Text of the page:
13 Monday July, 2015
Enter the slick and shiny realm of the Otemachi Tower in Tokyo’s Financial District and you may struggle to notice the low-key Aman Tokyo welcome desk on the ground floor. The ‘wow’ moment happens when you exit the elevator at the 33rd floor and are drawn into a place of pure drama: a breath-taking atrium lobby with sky-high ceilings, a central water feature with an ikebana-styled tree rising from it and miniature Japanese rock gardens at either side.
Designed by Kerry Hill Architects to resemble the inside of a shoji lantern, the lighting is soft and romantic with dappled shards of light streaming in. This vast lobby encompasses the whole floor with the bar, restaurant (called ‘The Restaurant by Aman’) and beautifully-stocked library all sinuously linked to one another along the lobby’s periphery. It is a superb spot for people-watching with unrivalled views over the Tokyo skyline, but it also contains plenty of intimate seating areas to relax and unwind. Creating such a soothing, warm and unthreatening ambience in this large and cavernous space is quite a feat yet, as always, the Aman aesthetic appears effortless. Afternoon Tea can be taken in the lobby lounge and it is quirky, chic and very popular – best to book several months in advance.
If treating yourself at the Aman Spa, the Couples' treatment room is terribly romantic with a freestanding bath tub in the room and lots of space. The gym is open 24 hours a day and you’ll be hard pushed to find a better equipped hotel gym – plus, with views like this working out is a pleasure! The swimming pool area is a serene sanctuary with a 30m-long black basalt pool and stunning views jutting off into infinity. There is now an Aman Café which has opened on the ground floor which will afford some open-air space to hotel guests.
Base category rooms (Deluxe Rooms) at the Aman Tokyo are huge and all are sunset-facing with views over Imperial Palace Park and Shinjuku. Note that other room categories can face the other direction so we recommend always requesting park views if you want to watch the sunset from bed! The bed is set on a raised level of the room so the views are spectacular out of the enormous floor-to-ceiling windows. On the lower level there is a daybed stretching the length of the window and a table for in-room dining. As with the lobby, the lighting in the rooms is spot on – easy to control, atmospheric but bright enough to read at night.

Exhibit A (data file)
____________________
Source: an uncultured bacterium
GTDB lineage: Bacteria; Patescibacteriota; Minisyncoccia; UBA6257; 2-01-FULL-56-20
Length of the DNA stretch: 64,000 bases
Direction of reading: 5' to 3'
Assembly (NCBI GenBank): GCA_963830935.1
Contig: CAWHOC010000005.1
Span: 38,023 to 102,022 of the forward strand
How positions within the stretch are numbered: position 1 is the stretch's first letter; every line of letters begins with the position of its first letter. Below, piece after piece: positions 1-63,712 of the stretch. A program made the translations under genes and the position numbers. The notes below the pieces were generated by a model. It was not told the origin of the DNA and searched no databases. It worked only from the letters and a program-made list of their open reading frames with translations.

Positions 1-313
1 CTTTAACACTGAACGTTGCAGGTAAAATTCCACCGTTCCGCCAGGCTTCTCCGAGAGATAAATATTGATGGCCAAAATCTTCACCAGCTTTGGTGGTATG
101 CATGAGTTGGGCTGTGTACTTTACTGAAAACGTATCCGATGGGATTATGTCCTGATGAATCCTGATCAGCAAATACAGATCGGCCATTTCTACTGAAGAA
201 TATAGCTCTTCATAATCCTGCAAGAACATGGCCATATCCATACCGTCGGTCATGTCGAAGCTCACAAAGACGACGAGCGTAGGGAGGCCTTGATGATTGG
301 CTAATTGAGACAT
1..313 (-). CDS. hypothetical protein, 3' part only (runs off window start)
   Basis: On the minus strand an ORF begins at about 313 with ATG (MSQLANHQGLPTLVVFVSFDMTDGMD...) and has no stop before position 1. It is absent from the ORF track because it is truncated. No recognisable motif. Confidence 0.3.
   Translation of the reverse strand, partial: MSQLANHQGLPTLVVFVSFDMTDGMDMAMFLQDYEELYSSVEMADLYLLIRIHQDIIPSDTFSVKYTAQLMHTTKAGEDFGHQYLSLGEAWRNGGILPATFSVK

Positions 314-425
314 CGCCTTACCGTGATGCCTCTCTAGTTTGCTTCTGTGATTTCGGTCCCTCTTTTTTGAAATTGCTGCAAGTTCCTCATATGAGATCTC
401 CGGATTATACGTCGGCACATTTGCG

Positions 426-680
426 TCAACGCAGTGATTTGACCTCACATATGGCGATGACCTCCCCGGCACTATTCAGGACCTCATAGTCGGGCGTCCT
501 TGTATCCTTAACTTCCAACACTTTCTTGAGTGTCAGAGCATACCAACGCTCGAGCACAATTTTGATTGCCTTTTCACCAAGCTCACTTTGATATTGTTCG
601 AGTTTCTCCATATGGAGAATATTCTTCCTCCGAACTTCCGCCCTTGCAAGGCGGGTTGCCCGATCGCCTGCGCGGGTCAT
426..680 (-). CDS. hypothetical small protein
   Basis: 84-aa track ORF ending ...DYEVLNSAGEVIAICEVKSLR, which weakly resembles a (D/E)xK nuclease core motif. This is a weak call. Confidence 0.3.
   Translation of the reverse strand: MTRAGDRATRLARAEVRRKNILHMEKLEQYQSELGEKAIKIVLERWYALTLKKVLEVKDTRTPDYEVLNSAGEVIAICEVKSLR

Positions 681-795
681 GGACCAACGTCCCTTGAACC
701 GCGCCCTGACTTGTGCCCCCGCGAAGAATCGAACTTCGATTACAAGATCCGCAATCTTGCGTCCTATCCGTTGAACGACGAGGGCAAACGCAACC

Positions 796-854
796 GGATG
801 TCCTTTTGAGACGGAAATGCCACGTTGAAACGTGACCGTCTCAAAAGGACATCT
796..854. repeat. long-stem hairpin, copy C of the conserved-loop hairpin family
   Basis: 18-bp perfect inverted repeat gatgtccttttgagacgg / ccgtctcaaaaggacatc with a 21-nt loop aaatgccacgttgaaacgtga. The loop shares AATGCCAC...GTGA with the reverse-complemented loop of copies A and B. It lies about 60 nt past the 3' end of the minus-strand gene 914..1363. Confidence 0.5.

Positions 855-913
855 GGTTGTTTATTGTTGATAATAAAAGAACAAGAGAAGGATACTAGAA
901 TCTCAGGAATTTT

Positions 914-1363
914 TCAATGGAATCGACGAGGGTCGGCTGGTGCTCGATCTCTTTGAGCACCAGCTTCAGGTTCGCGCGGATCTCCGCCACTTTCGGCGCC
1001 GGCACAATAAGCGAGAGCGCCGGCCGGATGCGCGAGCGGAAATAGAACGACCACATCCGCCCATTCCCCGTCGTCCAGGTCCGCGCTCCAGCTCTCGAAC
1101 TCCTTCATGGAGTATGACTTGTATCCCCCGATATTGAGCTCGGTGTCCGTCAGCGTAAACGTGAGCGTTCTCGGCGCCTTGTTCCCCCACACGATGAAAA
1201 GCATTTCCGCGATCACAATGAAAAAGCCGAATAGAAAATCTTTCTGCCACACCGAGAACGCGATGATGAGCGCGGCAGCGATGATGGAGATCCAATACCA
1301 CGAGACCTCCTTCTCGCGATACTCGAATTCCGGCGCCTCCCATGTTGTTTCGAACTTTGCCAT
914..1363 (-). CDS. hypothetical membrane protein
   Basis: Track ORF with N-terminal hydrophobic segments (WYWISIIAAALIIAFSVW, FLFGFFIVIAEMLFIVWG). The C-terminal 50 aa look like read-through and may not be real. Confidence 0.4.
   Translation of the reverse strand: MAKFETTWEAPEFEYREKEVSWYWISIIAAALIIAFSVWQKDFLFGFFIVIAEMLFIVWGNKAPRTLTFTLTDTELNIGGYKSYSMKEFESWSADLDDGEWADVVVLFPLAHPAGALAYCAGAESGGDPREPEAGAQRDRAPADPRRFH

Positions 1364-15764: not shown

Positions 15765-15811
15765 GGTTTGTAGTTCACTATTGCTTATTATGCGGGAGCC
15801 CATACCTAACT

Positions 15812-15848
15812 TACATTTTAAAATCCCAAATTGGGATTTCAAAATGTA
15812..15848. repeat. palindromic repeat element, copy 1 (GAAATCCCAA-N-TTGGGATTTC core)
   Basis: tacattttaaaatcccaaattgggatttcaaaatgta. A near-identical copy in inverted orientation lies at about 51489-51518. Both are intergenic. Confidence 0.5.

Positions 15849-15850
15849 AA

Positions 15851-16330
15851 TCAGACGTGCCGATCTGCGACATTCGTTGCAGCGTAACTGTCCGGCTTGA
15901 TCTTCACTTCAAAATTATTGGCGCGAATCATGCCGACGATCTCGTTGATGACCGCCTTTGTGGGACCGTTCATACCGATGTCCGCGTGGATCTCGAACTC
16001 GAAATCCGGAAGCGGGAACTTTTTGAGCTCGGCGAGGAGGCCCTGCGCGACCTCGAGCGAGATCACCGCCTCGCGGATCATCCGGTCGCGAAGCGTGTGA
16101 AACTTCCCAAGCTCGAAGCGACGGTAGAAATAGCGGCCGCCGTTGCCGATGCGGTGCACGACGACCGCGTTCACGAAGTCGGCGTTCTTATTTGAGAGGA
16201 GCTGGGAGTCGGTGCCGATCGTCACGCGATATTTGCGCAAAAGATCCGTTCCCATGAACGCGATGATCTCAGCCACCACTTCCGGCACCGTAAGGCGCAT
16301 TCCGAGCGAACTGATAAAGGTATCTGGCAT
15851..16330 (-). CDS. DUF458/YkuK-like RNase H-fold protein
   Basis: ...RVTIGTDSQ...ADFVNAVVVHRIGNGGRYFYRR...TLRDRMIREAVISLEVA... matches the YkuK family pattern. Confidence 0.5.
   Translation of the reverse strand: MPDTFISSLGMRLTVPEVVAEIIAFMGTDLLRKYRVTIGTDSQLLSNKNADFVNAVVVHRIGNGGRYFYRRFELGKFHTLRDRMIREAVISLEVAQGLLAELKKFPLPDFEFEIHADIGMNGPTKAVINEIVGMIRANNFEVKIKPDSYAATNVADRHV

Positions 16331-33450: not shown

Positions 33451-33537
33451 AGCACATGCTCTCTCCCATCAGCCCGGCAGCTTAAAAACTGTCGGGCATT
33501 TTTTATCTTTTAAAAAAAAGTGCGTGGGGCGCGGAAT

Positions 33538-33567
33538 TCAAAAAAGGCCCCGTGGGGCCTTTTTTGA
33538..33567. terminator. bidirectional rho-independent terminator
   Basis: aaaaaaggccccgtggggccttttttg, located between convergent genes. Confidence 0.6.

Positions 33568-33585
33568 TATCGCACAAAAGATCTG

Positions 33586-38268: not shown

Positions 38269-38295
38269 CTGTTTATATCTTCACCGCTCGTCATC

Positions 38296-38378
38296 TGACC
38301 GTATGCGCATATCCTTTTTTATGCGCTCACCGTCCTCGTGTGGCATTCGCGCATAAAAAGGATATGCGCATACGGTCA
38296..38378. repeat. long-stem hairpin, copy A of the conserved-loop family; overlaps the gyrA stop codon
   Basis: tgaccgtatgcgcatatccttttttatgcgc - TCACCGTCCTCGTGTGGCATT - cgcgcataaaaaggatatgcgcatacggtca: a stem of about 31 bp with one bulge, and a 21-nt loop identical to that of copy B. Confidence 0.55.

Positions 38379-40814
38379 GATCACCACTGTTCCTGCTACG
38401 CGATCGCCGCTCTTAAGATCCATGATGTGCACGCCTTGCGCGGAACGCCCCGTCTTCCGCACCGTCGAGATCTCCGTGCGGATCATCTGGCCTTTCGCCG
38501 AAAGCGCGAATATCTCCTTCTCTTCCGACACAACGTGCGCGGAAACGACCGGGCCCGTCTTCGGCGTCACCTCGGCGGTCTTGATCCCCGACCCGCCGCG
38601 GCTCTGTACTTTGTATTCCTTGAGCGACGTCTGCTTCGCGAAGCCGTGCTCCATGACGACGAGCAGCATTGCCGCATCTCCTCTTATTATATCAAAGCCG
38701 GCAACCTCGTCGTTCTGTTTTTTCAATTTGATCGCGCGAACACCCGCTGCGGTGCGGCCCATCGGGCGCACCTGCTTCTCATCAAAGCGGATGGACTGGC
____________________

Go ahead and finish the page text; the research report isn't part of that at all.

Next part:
The next category up are the Premier Rooms; the difference is the size of the bathroom which is slightly larger with a bigger bathtub. The significant jump in category is to the Suites, which are the largest suites in Tokyo. Double the size of the Premier Rooms, the Suites are the same design and room layout, but with another room mirrored on the other side of the bathroom, which is designed as an open-plan living, kitchen and dining room. The idea is that people can use Suites as a temporary apartment for long stays.
One of the best things about the Aman Tokyo are the gadgets! In all rooms there is a flat-screen TV which rises up from the table at the end of the bed via remote control. Toilets are also high-tech with Japanese and English instructions for the gadgets; the toilet seat is heated (heaven!) and automatically opens when you enter the room, and there is a motion sensor flush function. Set next to the window (again, maximising those views), the black stone bathtubs are traditional Japanese style, so you sit up in it rather than lie back, and they comfortably fit two people. Bathrooms stretch the full length of the bedroom and are decked out with heated slate flooring and sliding washi-paper shoji screens which can be opened up so the bathroom is fully open-plan with the bedroom. In both the bathroom and the bedroom there are remote control operated blinds with two settings for a soft-light blind and a 100% black-out blind – this is not just extremely useful, it adds another dash of James Bond sexiness to the whole experience!
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